I'm at my university as the result of a generous merit scholarship. To retain it year to year, I have to maintain a certain cumulative grade point average. However, in the fall of my freshman year of college, I sustained a severe concussion that resulted in my GPA for that year being severely lower than it would have been had I not been concussed. I lost the scholarship, but appealed on medical grounds and got it back with the understanding that I had to get my GPA back up to where it needed to be.
That pressure has driven the level of work I have put in all year. I've focused almost to a fault on making my academics as strong as possible, putting in endless hours of work (although still trying to keep a balance in my life between work and recreation, something that has become very important to me over the years). I had a strong first semester, but redoubled my efforts second semester to raise the bar even more (and strategically choosing courses that I knew I'd be strong in). As a result of this, I just found out that I not only met my goal, I blew it out of the water...and I am beyond exhilarated. I've been on a high for the last two days, celebrating with anybody who will listen and appreciate my situation.
It means a lot to me to finally be able to return to my university on my own terms. I appreciated the grace I was given last year with the appeal, but I took it as an invitation to prove myself. There was never an assurance that, were I to appeal again, I would again win my way back. Plus, my confidence took a beating as a result of the grades drop. I was a strong student in high school, and hitting college and having my grades plummet was discouraging. It's encouraging now to know that I'm still capable of pulling the kind of marks that I used to, even though I'm now in a different, more challenging academic setting.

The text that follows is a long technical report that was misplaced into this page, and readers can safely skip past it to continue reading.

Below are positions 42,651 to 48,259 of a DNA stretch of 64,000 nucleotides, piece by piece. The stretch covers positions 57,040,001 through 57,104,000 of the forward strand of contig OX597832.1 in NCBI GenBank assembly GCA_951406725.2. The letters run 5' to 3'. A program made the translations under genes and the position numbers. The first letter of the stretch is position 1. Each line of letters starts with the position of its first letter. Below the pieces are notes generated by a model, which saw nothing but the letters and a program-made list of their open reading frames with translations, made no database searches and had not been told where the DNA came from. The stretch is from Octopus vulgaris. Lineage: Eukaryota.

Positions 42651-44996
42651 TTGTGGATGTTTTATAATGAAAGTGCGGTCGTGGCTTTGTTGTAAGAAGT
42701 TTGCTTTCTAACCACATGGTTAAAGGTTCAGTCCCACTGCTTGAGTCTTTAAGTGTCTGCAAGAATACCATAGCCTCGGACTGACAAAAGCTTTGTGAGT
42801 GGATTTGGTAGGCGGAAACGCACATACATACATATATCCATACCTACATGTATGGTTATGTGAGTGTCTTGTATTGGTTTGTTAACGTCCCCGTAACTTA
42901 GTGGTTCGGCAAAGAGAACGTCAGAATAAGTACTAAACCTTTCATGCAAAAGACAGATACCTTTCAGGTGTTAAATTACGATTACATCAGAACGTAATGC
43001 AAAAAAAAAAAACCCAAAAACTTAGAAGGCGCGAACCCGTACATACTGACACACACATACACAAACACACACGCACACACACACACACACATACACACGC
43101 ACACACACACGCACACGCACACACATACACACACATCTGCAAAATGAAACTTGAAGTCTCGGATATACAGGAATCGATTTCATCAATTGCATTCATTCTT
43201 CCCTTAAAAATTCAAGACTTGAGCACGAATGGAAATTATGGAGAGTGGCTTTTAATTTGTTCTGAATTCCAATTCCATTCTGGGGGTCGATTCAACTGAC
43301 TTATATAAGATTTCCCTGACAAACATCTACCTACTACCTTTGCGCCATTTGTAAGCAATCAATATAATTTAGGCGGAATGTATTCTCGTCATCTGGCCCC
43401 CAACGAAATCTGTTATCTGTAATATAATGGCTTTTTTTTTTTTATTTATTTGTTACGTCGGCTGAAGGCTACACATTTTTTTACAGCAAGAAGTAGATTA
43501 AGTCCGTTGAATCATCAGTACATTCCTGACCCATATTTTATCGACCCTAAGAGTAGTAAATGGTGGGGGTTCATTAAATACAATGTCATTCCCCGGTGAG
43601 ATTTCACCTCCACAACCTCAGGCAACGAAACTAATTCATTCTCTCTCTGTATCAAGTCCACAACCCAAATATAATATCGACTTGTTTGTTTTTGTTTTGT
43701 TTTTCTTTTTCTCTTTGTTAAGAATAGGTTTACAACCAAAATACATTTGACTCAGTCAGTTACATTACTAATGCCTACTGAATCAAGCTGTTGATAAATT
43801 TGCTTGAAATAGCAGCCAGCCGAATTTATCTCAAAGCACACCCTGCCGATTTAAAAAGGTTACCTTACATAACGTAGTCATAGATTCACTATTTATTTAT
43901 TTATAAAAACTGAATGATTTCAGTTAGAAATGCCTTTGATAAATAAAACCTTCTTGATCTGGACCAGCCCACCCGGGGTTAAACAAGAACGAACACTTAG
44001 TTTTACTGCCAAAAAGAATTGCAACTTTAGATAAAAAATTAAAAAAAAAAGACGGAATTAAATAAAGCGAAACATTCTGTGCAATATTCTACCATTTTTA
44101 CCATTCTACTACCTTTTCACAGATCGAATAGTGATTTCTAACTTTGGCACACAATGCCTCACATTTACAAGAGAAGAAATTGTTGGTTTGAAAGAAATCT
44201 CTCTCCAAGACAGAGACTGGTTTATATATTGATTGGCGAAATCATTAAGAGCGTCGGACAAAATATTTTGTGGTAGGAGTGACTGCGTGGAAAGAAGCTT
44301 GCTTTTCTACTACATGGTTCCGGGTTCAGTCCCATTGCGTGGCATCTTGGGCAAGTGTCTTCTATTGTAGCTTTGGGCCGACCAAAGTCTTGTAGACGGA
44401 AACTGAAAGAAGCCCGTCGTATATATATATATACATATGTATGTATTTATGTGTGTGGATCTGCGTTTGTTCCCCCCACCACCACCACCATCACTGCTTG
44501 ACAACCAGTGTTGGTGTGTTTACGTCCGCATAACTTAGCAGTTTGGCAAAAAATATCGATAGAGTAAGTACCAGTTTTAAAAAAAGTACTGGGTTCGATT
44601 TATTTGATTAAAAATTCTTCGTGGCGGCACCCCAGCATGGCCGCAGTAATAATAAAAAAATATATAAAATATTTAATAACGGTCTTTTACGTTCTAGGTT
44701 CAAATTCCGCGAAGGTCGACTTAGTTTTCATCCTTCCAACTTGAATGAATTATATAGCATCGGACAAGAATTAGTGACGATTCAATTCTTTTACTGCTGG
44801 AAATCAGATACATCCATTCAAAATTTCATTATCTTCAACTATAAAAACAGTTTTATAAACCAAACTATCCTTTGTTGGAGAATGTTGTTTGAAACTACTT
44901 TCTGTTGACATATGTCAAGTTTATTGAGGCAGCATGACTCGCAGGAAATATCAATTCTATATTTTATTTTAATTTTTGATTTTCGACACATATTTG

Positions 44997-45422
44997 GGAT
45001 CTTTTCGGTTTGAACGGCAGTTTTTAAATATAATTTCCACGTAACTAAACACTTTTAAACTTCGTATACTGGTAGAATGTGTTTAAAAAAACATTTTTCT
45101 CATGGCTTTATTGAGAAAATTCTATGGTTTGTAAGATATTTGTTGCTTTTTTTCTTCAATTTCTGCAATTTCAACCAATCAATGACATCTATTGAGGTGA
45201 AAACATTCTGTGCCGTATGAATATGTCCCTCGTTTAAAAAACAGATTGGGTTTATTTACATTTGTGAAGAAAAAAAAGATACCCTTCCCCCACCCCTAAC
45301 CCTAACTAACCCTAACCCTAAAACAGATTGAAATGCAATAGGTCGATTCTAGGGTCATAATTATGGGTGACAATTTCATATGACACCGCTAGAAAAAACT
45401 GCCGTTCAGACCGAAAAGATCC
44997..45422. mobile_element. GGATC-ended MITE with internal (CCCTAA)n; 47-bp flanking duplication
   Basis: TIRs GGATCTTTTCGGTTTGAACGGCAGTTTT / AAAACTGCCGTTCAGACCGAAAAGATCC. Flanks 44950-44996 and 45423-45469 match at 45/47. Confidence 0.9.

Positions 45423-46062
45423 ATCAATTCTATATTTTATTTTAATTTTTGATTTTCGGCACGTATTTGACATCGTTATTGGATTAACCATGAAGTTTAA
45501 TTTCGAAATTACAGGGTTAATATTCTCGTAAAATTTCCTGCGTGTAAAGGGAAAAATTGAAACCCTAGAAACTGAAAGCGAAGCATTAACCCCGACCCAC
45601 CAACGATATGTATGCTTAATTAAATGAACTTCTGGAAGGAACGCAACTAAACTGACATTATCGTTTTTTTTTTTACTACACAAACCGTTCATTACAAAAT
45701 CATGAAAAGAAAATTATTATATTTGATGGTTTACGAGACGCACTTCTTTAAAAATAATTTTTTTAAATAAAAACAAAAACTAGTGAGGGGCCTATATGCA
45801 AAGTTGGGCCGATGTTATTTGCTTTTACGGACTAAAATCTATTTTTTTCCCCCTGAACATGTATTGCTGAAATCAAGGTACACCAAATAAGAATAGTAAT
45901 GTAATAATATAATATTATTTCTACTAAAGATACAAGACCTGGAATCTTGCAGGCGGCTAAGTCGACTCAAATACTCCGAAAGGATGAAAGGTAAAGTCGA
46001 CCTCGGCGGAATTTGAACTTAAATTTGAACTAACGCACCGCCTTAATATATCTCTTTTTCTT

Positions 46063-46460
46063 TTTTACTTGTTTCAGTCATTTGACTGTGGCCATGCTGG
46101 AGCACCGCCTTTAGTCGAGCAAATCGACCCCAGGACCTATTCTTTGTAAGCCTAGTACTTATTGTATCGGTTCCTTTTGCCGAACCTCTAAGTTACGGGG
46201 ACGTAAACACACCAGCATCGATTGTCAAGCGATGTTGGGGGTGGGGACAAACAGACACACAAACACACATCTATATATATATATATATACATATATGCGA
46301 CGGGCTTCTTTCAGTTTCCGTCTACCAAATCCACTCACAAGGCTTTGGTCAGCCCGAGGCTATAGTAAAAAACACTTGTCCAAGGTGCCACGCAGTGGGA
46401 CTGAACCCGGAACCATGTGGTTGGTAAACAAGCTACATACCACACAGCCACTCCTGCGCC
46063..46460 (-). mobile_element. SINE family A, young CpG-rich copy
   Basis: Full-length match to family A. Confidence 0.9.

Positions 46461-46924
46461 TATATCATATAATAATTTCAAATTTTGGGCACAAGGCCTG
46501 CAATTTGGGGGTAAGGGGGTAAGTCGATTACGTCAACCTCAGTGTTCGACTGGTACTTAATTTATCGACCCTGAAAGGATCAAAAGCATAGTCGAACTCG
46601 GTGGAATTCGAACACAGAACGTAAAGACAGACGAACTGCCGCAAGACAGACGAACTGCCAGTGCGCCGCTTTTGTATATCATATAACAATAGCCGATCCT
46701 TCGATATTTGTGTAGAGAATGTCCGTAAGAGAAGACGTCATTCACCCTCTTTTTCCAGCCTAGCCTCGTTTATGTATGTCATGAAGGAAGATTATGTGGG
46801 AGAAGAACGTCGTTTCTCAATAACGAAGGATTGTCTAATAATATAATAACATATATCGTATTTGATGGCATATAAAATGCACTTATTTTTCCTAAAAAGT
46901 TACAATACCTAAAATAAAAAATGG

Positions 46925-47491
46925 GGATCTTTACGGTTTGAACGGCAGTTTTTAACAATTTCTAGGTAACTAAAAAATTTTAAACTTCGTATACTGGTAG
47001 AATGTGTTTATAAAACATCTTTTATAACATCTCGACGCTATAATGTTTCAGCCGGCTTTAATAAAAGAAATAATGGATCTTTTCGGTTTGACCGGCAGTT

The whole situation almost a lesson in spiritual grace. Although I know I could never be worthy of God's grace to me, I still try to work hard to reflect that I know the honor that I've been given. I don't think it's ever really possible to be truly worthy of any kind of grace. It's a concept that is beyond human comprehension, no matter how big or small. But we can try, once grace has been given-- we can strive to become people who honor what they've been given by trying to be the best that they can be. Working hard may not get you everything-- but I've come to realize that it will get you a long way. After that, you just have to be grateful for whatever comes your way.
And I am-- to God and to my wonderful friends and family who supported me at every turn-- who listened to me stress out and watched me pace the floor, who celebrated every little victory and now this big one, and who empathized and helped me. I couldn't have pulled this off alone, and half the great feelings that come from this accomplishment come from knowing I'll get to go back to my university free and clear, and spend more time with the wonderful group of people I have come to know and love so well.